Academic journal article Federal Communications Law Journal

The Bell System Divestiture: Background, Implementation, and Outcome

Academic journal article Federal Communications Law Journal

The Bell System Divestiture: Background, Implementation, and Outcome

Article excerpt

I.   INTRODUCTION
II.  THE RISE OF COMPETITION
III. THE ANTITRUST SUIT
IV.  NEAR-TERM RESULTS
V.   LONGER-TERM RESULTS
VI.  CONCLUSIONS

I. INTRODUCTION

The telephone industry in the United States started with the Bell patent in 1878. Telephones were introduced into many communities during the next twenty years. After the Bell patents expired, around the turn of the century, multiple telephone companies began operations in many cities. In many cases, these companies did not even interconnect, so people needed two or three telephone services in order to be in contact with all of their friends and customers. This chaotic situation also caused the carriers great financial difficulty.

In 1907, Theodore Vail, having been installed as president of AT&T after the "Panic of 1907," proposed that telephone service in the United States be provided based on the philosophy of "one system, one policy, universal service." (1) This concept involved monopoly provision of service, coupled with pervasive government oversight and regulation. It was promoted in advertisements from 1908 and formalized in the so-called Kingsbury Commitment of 1913, (2) when AT&T was allowed to operate without governmental interference, but agreed to stop acquiring telephone companies and to interconnect with others.

The Bell System followed that idea for half a century, fully integrating its systems and procedures to provide end-to-end service. In order to ensure a reliable supply of standardized equipment, it also designed and manufactured its own equipment. Bell Laboratories (Bell Labs)--created from a merger of the design department of the manufacturer, Western Electric, and the engineering department of the operator, AT&T--also embarked on an extensive and successful effort to perform the research necessary to promote technological progress in telecommunications.

Using this model, AT&T successfully expanded telephone service in the United States until the 1950s, when universal service was essentially achieved. During this period, the concept of "service" was the predominant value within the organization, becoming almost a religion. "Independent" telephone companies, mostly in rural areas, were made partners in the system, encouraged by generous "settlement" payments from long-distance service.

II. THE RISE OF COMPETITION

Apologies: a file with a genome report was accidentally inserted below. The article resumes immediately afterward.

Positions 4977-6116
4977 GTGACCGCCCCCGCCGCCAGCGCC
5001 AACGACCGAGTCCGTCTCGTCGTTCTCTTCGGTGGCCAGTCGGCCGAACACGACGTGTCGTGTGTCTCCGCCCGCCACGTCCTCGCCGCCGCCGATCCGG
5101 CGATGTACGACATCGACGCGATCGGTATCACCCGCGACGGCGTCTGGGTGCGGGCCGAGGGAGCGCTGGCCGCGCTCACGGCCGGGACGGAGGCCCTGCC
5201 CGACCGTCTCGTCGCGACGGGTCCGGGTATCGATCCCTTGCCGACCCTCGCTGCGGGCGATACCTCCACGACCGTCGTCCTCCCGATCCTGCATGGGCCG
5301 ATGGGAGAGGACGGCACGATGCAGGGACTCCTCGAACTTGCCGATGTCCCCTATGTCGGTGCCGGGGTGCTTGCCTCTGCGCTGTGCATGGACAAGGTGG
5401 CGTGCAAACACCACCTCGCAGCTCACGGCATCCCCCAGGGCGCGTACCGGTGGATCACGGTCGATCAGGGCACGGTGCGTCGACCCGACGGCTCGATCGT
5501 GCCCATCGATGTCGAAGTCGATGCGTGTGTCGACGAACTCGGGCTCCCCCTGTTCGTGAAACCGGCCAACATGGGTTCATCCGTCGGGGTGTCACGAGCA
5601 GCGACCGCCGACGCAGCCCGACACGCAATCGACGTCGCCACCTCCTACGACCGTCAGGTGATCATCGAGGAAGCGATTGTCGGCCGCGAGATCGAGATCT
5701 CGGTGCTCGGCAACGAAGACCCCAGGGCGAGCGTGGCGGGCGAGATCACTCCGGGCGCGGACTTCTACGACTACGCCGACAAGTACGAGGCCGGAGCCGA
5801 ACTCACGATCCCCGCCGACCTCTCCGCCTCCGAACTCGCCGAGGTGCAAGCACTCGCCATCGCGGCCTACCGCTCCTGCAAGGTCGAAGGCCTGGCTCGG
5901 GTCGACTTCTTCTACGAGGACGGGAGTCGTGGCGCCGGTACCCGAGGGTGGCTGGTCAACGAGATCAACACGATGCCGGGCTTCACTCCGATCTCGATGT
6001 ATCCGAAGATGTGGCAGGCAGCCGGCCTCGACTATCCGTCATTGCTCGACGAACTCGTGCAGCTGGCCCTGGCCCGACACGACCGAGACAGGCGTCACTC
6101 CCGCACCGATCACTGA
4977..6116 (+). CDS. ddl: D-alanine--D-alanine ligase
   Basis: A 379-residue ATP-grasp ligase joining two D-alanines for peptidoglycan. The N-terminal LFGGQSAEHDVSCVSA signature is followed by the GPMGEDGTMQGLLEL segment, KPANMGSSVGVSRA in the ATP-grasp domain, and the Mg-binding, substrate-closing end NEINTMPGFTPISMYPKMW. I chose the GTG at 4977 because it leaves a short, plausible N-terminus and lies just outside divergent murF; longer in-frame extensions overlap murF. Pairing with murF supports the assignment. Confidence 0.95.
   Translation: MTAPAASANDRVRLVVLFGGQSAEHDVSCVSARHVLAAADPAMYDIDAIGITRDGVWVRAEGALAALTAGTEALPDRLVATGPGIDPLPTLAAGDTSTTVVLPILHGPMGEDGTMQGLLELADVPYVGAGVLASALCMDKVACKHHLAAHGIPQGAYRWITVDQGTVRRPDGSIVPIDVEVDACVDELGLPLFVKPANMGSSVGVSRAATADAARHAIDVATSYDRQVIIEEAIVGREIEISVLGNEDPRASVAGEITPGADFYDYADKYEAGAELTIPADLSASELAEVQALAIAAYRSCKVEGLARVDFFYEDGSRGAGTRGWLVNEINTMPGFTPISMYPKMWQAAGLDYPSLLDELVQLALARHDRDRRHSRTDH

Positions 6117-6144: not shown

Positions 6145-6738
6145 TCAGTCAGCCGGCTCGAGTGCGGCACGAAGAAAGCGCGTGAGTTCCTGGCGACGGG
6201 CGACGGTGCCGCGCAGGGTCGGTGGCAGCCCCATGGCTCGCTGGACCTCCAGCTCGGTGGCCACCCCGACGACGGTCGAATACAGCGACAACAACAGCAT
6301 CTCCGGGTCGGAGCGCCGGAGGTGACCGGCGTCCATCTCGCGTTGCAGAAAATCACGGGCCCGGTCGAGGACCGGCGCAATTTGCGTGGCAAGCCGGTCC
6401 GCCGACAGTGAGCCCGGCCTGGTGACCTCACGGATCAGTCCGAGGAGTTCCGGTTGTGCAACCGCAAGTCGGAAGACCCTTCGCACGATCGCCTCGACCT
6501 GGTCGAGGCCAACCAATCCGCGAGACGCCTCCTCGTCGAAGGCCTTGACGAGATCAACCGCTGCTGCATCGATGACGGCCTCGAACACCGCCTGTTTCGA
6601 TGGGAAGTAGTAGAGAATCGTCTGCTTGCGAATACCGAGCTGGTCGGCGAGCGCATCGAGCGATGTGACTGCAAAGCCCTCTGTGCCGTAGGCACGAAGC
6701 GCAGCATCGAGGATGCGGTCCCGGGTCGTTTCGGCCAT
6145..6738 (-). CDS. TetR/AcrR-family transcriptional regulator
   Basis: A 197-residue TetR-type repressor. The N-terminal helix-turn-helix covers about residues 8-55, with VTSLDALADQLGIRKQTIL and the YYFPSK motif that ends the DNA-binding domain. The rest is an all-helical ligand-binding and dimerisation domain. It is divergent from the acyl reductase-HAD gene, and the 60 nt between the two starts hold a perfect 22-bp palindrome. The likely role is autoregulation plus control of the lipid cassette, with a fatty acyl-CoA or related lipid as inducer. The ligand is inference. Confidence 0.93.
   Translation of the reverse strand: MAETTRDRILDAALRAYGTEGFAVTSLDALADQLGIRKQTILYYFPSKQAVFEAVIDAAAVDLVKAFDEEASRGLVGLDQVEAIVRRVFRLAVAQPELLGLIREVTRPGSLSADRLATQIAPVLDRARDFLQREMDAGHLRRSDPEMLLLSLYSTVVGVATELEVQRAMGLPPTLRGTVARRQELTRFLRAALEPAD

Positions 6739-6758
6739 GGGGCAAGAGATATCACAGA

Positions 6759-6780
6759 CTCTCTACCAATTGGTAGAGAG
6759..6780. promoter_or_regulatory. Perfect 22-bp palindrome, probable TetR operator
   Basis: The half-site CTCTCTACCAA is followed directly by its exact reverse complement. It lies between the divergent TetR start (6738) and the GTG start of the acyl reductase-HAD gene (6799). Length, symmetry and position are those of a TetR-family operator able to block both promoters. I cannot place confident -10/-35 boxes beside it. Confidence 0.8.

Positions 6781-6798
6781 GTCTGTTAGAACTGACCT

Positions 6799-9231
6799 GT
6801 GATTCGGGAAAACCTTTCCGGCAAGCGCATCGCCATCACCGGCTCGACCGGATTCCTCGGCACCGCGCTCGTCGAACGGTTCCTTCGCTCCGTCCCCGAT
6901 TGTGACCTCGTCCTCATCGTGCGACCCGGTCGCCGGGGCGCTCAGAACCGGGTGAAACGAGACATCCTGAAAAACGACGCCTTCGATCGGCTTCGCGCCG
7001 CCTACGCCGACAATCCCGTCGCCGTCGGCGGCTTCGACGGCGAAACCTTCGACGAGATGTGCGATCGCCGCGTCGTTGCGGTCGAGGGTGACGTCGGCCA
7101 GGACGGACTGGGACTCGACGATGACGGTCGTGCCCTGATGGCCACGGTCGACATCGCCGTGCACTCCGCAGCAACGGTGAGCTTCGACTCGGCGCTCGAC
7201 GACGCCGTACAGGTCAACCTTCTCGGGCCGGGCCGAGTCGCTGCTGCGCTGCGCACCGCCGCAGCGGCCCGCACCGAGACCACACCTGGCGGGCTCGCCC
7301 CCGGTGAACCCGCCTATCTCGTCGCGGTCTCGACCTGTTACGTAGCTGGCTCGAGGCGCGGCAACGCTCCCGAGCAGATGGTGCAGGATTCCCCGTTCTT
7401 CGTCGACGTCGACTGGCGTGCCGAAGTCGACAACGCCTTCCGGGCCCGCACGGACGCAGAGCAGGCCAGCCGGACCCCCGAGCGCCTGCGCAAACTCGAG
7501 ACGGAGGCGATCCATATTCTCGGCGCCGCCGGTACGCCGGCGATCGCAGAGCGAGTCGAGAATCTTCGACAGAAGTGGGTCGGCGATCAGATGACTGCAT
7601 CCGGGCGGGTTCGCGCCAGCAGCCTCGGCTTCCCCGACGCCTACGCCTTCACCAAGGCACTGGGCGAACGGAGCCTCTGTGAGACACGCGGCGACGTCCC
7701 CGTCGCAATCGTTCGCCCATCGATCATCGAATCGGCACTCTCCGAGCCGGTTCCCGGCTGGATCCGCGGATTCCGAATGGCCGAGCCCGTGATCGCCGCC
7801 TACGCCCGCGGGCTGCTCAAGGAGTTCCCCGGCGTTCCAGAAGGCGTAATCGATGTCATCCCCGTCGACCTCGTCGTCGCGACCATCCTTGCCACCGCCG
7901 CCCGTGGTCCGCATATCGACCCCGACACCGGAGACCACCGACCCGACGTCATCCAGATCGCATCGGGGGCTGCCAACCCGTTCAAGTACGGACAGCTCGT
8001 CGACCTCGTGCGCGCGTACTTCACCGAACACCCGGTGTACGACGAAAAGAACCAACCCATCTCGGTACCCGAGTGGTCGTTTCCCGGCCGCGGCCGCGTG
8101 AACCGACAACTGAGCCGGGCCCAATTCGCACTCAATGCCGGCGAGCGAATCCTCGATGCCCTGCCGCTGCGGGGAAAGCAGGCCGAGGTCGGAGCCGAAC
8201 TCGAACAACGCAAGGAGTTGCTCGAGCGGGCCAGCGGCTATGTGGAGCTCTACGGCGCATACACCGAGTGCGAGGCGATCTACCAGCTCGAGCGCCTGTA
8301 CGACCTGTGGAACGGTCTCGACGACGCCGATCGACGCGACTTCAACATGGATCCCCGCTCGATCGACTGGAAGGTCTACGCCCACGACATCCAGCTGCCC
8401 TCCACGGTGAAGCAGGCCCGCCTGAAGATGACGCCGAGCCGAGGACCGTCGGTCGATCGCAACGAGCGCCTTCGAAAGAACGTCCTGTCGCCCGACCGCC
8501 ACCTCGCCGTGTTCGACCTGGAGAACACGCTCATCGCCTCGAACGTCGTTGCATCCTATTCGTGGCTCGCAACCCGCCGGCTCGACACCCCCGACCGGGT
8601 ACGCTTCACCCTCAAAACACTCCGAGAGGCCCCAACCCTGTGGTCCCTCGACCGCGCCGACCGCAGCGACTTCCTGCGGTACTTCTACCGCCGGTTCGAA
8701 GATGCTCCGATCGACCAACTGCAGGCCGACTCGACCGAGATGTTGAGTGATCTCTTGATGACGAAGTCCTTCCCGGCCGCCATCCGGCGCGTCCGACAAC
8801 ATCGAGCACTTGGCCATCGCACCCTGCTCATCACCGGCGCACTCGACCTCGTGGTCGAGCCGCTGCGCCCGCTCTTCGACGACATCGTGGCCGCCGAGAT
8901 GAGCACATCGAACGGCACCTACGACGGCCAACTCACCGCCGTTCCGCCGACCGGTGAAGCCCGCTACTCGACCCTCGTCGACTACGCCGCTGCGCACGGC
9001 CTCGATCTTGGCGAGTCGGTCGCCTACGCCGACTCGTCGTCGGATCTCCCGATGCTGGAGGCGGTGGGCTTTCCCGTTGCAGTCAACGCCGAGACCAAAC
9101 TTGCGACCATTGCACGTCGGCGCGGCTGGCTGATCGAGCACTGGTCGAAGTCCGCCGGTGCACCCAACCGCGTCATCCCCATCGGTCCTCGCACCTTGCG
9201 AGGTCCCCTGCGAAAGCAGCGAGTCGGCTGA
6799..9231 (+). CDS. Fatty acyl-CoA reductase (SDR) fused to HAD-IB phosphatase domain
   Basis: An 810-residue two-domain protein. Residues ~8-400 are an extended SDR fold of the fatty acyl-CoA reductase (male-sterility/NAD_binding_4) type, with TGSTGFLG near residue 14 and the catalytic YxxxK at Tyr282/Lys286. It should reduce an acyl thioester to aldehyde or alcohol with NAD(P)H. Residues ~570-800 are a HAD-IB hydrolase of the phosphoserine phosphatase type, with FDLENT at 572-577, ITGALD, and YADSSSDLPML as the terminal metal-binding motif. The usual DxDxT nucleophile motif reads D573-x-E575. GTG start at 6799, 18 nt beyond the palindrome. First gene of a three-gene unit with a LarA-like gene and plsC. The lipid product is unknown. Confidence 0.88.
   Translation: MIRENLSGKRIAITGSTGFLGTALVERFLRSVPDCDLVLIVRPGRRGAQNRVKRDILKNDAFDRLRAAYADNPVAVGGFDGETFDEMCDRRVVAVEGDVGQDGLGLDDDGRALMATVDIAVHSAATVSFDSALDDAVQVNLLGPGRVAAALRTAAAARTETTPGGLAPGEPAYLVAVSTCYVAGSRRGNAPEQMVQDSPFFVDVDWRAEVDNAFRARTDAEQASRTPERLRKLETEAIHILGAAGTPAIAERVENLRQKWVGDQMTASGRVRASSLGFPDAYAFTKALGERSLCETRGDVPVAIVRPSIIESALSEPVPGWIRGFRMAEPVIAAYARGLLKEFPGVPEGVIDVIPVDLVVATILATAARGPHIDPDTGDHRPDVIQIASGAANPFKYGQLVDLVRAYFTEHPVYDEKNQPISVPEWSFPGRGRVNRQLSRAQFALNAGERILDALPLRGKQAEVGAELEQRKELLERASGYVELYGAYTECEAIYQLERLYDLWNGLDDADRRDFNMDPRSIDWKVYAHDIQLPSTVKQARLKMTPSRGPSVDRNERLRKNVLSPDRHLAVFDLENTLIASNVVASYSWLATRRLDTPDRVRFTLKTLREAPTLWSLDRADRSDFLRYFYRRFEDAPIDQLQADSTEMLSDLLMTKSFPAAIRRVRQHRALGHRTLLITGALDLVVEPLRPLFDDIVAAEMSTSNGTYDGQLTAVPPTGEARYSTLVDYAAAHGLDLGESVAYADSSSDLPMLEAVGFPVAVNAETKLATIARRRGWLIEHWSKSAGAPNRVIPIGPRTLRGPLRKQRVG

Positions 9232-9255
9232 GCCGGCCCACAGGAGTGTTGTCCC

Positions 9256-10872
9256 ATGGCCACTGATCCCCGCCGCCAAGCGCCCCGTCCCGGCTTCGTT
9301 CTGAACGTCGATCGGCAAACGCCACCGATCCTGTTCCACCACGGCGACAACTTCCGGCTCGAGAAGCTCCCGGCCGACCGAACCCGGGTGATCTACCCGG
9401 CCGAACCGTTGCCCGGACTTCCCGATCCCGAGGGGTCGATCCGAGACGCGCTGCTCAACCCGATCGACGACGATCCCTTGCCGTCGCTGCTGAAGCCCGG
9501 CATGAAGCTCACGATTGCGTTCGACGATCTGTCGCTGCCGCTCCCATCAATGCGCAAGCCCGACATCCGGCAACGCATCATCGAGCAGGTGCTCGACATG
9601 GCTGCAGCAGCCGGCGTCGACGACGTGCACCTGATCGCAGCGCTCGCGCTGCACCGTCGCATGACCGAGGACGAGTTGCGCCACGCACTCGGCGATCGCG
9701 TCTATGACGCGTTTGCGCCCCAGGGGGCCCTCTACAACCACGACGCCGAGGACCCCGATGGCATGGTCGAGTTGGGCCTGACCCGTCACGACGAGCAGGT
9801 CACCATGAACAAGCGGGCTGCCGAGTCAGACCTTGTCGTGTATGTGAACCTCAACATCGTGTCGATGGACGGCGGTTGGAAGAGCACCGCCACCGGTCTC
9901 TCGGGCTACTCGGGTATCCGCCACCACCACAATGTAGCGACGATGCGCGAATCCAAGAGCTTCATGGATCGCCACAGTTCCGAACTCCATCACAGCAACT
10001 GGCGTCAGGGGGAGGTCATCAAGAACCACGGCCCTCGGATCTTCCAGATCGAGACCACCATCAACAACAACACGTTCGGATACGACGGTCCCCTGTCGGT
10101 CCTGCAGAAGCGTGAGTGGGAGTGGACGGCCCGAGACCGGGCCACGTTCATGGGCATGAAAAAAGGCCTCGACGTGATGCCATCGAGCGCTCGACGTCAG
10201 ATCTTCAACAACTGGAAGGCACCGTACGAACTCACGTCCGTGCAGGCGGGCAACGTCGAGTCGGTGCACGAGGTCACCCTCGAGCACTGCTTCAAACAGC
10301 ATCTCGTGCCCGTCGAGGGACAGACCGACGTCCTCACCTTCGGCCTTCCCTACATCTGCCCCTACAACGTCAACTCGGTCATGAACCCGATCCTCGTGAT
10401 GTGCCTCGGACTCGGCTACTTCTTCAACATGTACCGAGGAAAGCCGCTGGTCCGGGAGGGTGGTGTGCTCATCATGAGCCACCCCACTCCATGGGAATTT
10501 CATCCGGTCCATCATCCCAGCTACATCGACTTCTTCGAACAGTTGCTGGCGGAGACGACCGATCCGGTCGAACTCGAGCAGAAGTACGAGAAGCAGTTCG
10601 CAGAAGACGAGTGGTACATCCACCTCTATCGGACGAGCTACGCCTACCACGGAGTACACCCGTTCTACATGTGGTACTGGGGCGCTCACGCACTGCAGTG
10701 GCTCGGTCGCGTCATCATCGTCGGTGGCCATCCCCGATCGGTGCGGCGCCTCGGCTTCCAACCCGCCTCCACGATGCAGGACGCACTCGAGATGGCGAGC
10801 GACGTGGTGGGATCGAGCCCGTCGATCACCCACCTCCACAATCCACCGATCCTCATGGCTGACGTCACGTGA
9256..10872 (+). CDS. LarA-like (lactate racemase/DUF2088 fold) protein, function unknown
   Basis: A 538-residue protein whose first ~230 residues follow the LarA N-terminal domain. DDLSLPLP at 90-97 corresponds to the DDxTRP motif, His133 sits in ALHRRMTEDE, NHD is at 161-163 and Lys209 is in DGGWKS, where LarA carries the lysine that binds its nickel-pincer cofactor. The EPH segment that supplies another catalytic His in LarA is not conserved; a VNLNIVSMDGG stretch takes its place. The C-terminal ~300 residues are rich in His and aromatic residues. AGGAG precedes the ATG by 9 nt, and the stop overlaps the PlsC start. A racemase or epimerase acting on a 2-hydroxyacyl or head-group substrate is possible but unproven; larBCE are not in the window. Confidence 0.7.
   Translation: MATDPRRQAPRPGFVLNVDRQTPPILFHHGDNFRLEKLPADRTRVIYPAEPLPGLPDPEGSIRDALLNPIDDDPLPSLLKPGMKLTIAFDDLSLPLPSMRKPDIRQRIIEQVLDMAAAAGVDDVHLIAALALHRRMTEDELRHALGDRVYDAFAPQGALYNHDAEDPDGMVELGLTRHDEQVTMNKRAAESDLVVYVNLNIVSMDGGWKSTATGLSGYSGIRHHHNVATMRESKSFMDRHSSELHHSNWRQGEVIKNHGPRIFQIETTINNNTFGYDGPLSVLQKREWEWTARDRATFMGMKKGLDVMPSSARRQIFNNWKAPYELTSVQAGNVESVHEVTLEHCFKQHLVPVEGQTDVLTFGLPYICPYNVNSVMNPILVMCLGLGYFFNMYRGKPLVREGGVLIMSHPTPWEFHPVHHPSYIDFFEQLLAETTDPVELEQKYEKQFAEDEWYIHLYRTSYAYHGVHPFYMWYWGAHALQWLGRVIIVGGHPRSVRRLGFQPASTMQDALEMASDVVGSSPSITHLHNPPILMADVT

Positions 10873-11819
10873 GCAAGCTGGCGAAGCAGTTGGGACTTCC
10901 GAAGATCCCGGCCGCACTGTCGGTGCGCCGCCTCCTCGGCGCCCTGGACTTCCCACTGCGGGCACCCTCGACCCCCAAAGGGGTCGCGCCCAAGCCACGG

Starting in the 1960s, new technologies, many pioneered at Bell Labs, were stimulating competitive activities. There were four principal technologies that led to this: (1) large radio systems for carrying long-distance calls; (2) semiconductor devices built for computers that could be used for switches; (3) miniature connectors for telephones and other terminal equipment; and (4) tone signaling, that allowed signals to be sent over the network after a connection was established.

Regulators, intent on limiting the rate of growth of the Bell System, tended to allow competitive entrance into various portions of the market, albeit slowly and unevenly. Competition began in the following areas:

* Large companies began building their own private microwave systems for internal communications;

* Telecommunications equipment manufacturers began building terminal equipment and customer switches that could be connected to the telephone network;

* Other manufacturers began trying, with some success, to sell equipment to the Bell companies; and

* MCI built a long-distance network using microwave radio systems, allowing people to make local calls to MCI's switches, and complete the calls by using tone signaling to get the necessary information to the MCI network. Others followed.

The last development was not based on new technology so much as on pricing distortions that had grown up over the years. For many years, technological advances had benefited long-distance services more than local services. In order to maintain the stability of local pricing, long-distance prices were allowed to remain well above cost, the difference being used to reduce the cost of local service. …

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